Mnemonic Piece Symbols

Mnemonic piece symbols for the large Shogi variants

Some Shogi variants have hundreds of piece types. The traditional equipment for playing them uses 'kanji pieces', pentagonal wooden chips inscribed with two kanji characters giving its name. Beside the problem that only the Japanese (and perhaps Chinese) can read that, the name doesn't give the slightest clue as to how the piece moves. So even writing the name on the pieces in English would only be marginally helpful. It would only save you the effort of deciphering the kanji (which are often very similar, and are usually shared by many pieces, as a lot of names contain 'free', 'flying', 'soldier' or 'general' in them).

To allow playing of Shogi variants with hundreds of piece types, without the need to remember as many moves, a set of 'mnemonic' piece symbols was developed. The following aspects were taken into account when making this design:

The chosen system uses a square with a size of about 60% of the board square as the basic shape. Such a square would indicate a piece that can do a single step in each of the 8 directions, like the orthodox King. (Note, however, that the actual King is represented by such a square decorated with a cross, to indicate its royalty!) For every direction in which the piece does not move, a 'bite' is taken out of the piece, either in the center of an edge (for missing orthogonal steps) or at a corner (for missing diagonal steps). If there are no moves in a number of adjacent directions, the outline of the piece will follow that of a square of about 20% board-square size in its center. In all cases concave 90-degree angles will be rounded, but convex 90-degree angles will keep sharp corners. This 'pointy' look will make stepping pieces, such as the various flavors of generals, easily recognizable.

King, Gold and Silver General (white) and Copper General and Pawn (black).

K+B and K+R compound (white) and Queen, Rook and Bishop (black).

In directions where the piece can move further than just a single step, it will 'bulge out' from the basic square, to nearly the edge or corner of the board square. This automatically makes pieces with a longer range look bigger. But it also causes a large shape contrast, because now the convex part of the piece is rounded, while the concave indents have sharp corners. The pieces with longer range will have a 'flower' shape when they move far in many adjacent directions, and a wind-mill shape when moving in just a few directions.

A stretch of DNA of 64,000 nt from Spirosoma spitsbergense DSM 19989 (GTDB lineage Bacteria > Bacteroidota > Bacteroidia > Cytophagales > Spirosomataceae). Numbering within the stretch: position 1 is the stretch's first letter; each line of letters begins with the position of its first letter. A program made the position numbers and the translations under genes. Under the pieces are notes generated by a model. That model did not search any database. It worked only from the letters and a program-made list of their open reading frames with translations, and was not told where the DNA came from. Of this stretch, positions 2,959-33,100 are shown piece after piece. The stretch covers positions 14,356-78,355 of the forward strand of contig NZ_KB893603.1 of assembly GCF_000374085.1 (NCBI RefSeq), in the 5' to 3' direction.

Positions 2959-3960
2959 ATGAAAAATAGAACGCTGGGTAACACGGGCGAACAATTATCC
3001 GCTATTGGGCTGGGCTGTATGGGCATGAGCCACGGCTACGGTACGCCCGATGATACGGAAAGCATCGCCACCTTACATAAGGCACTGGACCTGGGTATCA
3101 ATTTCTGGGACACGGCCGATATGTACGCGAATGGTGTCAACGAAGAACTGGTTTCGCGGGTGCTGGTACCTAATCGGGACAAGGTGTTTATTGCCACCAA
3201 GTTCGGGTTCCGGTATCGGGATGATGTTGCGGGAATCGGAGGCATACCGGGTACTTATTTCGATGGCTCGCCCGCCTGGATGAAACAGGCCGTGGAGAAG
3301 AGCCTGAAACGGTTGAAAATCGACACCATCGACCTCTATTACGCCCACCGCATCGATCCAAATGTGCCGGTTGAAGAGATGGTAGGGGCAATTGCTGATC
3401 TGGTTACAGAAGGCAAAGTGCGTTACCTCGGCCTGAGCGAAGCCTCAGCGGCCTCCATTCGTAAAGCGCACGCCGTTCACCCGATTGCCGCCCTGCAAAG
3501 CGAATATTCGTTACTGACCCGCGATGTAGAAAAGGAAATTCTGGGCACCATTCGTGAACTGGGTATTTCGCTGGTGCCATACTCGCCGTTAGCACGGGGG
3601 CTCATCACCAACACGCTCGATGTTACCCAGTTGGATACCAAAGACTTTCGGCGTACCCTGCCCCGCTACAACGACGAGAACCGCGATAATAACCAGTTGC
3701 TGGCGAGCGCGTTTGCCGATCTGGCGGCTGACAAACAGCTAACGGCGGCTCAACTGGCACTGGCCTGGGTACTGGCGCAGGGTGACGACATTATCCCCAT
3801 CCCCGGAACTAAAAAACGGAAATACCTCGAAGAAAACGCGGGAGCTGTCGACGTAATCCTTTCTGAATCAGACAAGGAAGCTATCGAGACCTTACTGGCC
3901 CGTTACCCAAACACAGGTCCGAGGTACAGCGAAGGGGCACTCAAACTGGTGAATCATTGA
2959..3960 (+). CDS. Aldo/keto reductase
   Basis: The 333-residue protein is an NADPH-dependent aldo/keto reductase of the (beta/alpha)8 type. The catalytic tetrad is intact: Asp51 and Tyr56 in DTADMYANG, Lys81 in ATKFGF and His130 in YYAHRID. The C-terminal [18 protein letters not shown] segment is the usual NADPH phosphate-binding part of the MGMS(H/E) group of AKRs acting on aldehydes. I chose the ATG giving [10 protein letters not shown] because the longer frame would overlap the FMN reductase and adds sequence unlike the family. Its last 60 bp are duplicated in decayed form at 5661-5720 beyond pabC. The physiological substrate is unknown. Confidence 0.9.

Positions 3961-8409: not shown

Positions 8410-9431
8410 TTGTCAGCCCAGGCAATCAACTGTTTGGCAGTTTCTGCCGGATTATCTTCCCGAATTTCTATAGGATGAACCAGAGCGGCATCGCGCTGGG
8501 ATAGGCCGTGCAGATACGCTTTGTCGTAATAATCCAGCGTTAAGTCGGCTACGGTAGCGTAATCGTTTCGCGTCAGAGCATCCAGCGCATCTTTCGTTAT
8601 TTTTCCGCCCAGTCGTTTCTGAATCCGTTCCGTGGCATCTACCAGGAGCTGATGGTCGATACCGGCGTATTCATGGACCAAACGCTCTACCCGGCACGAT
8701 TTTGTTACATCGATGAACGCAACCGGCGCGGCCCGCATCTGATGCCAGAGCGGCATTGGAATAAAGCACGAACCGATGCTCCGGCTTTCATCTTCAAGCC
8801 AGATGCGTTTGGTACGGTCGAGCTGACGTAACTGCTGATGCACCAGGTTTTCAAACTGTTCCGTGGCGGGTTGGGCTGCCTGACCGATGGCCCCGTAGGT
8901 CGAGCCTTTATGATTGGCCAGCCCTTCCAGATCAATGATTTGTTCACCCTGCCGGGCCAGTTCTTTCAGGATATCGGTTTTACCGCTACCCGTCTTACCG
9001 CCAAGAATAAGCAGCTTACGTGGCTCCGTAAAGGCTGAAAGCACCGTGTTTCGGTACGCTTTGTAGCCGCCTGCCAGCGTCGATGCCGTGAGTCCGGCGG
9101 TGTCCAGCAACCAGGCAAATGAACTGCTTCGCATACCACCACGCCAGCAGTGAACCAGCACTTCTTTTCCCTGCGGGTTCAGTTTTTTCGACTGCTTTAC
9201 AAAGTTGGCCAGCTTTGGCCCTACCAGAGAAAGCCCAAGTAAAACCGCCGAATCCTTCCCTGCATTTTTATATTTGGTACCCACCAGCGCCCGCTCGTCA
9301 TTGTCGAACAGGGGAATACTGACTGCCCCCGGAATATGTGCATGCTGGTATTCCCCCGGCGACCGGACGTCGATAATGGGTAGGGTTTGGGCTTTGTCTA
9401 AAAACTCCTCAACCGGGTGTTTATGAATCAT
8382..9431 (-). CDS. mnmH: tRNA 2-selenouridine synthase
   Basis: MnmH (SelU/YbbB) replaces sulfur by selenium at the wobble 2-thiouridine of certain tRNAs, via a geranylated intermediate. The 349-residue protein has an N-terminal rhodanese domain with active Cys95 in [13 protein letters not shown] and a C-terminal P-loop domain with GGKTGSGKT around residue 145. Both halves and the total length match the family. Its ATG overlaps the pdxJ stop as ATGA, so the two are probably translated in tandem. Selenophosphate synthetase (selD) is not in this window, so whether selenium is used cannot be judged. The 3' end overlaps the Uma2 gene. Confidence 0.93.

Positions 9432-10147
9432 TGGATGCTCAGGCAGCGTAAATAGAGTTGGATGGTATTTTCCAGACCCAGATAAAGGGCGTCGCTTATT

In the very large variants moves further than a single step need not always be of unlimited range: it Tai Shogi, for instance, they can be limited to 2, 3 or 5 steps. All these moves will lead to a similar bulge on the piece symbol, and they have to be distinguished from decoration on the symbol. An infinite range is indicated by a radial line on the piece in the corresponding direction. The increased amount of detail on the piece in general makes it more conspicuous than an undecorated piece. A bulge without any decoration is therefore used to indicate the piece has a range of 2 in that direction.

Violent Ox and Flying Dragon (white) range only upto 2 squares. Wazir and Ferz (black), only step 1 in the same directions.

Two pieces with range 3 in some directions (left) and two pieces with range 2 and 5 (right).

For intermediate ranges (larger than two, but not infinite) there will be a dot or small cross in the bulge. For a range of 3 this will be plotted close to the bulge, for larger ranges more to the center (but still clearly in the applicable direction from it). Most of the time the pattern of intermediate-range and other moves should unambiguously identify the piece anyway, but the position of the dot marker gives you an extra clue. Pieces that have a range-two move with linear Lion power (i.e. ability to multi-capture) will have the bulge decorated with an 'eye'.

Some pieces jump over a distance of exactly two squares. This is indicated by a roundish detached patch as far away from the center of the piece as possible, looking a bit similar to the bulge that a sliding move of range 2 would have. For pieces that make jumps like an orthodox Chess Knight, these patches are drawn along the edge of the board square between the center and the corner.

A Shogi Knight and Kylin (FD) (white), and a Phoenix (WA) (black), which can all jump.

A promotable and a non-promotable Bishop.

In Shogi pieces promote, but once they are promoted, they cannot promote even further. Some pieces that are in the opening position and can promote can also occur as promoted version of another pieces, which thus can no longer promote. Therefore it is desirable to distinguish promotable and non-promotable versions of the same piece. In the mnemonic piece set this is done by plotting a dot in the center of pieces that can no longer promote, whenever it is necessary to make that distinction.

Orthodox Chess with the mnemonic piece set

Regular Shogi with the mnemonic piece set